Brussels, 11 Oct 2005
Current nanotechnology applications exploit existing knowledge to create advantages for existing products. But in the medium and long term, greatly improved, or even entirely new, technologies and applications are expected to emerge, initiating a new technological cycle.
The objective of the NanoRoadMap (NRM) project, funded under the Sixth Framework Programme (FP6) is to carry out a long term (ten year) forecasting exercise to provide coherent scenarios and technology roadmaps for nanotechnology applications in three important industrial fields: materials; health and medical services; and energy.
Understanding, observing and controlling the properties of matter with lengths of between 1 and 100 nanometres is a new challenge for the research community and industry. One nano-metre is equal to one billionth of a metre, and is about the size of a small molecule.
Nanotechnology is therefore resulting in a manufacturing revolution, changing the face of industry and, as a general-purpose technology, often combined with non-nanotechnology applications, has a significant impact on almost all industries and areas of society. It could offer better built, longer lasting, cleaner, safer, and smarter products for the home, for communications, for medicine, transportation, energy, agriculture and food, and for industry in general.
Some of the areas covered by the project are:
- Nanomaterials, which include lightweight, tough nanocomposites, novel nano-coatings that are dirt-, bacteria- and corrosion-repellent, carbon nanotubes and their almost limitless applications, and the uses of nanoparticles for new products and packaging.
- New and improved medical diagnostic products and techniques for cancer, genetic diseases that allow the detection of disease at much earlier stages and with lower, safer concentrations of contrast agents. Medical supplies and devices such as active ingredients in burn and wound dressings, medical implants, drug coatings and targeted drug delivery systems.
-Nanotechnology and processing, storing and disseminating information: displays that are as light as paper, textiles that monitor health, products that communicate with each other, lightweight and flexible electronics with anti-counterfeit, information display and tracking applications, and for energy, cheap solar collectors for powering everything from water purifiers to global positioning systems.
But these enormous benefits are coupled with potential dangers: molecular nanotechnology will allow the rapid prototyping and inexpensive manufacture of a wide variety of powerful products with the potential to disrupt many aspects of society and politics. In the military field, minute but powerful weapons and surveillance devices are a possibility, as is environmental damage provoked by the extensive use of inexpensive products.
The control of these technologies could lead to abusive market restrictions, or create a demand for a black market almost impossible to stop as, due to the reduced size, small nanofactories could easily be smuggled, and potentially dangerous. This means that, in order to gain public favour, in addition to technological aspects, attention must be paid to any societal implications deriving from the surge of nanotechnology.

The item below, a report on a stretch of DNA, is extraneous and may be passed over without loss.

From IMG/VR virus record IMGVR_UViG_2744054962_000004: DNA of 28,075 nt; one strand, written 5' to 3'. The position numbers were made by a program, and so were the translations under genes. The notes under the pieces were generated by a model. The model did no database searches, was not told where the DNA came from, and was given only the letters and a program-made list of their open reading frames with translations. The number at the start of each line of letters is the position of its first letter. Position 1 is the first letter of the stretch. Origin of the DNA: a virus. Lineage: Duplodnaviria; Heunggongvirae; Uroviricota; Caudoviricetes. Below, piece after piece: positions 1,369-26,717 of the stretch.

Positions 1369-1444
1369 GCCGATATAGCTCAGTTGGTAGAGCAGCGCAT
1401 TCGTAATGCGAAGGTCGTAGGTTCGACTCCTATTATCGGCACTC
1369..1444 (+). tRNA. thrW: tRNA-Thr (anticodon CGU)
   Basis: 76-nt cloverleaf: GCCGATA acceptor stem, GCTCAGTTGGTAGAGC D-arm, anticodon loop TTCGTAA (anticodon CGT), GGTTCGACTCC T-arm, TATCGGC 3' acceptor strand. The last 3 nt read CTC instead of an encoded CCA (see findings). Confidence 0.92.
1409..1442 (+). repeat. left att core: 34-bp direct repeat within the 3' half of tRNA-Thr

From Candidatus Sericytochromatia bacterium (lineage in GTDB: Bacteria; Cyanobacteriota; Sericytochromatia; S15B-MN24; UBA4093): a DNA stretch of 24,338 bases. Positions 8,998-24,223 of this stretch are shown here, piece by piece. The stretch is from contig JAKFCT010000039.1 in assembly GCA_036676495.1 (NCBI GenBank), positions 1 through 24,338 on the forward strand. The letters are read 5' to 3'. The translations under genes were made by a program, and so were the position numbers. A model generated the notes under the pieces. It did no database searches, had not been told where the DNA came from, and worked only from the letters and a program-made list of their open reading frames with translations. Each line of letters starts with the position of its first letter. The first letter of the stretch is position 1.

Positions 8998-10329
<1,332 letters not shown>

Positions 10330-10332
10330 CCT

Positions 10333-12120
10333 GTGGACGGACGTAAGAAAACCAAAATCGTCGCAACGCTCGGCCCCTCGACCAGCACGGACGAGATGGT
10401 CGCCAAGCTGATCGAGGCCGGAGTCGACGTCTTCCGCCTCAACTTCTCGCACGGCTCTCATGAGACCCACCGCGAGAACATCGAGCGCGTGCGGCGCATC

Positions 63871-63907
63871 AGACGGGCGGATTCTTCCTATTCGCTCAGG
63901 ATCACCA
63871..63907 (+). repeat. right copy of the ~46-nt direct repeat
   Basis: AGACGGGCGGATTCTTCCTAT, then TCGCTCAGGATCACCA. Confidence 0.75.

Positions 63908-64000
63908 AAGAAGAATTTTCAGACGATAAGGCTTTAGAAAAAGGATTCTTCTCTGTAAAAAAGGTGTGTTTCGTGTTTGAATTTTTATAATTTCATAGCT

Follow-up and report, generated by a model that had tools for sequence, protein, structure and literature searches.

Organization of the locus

NanoRoadMap is funded under the 'nanotechnologies and nano-sciences, knowledge-based multifunctional materials and new production processes and devices' thematic priority FP6. The NanoRoadMap consortium gathers eight research and industrial partners from the public and private sectors from Italy, Germany, the UK, France, Spain, the Netherlands, Finland, the Czech Republic and Israel, all of whom have a long history of disseminating information, contacting research institutions and companies (large and small), and assisting them in their quest for innovation.
A two-step approach has been adopted for the project. First, following a thorough survey of the available information, a general report was prepared for each of the three sectors covered by the project. It consolidates of the activity going on in Europe and in other parts of the world, as well as assessing existing roadmaps and forecasts. Then, based on this picture and to avoid the roadmaps becoming too general, the topics that were deemed of the highest priority in each of the three fields were identified. The current roadmapping exercise focuses on 12 selected themes. The project also involves the dissemination of the roadmaps.
NRM ends in December 2005, and the results of the roadmap exercise, based on surveys of 35 countries and opinions of experts from all over the world, will be presented at the international conference in Cologne, 'NanoSolution 2005', and at eight national conferences in the partners' countries.
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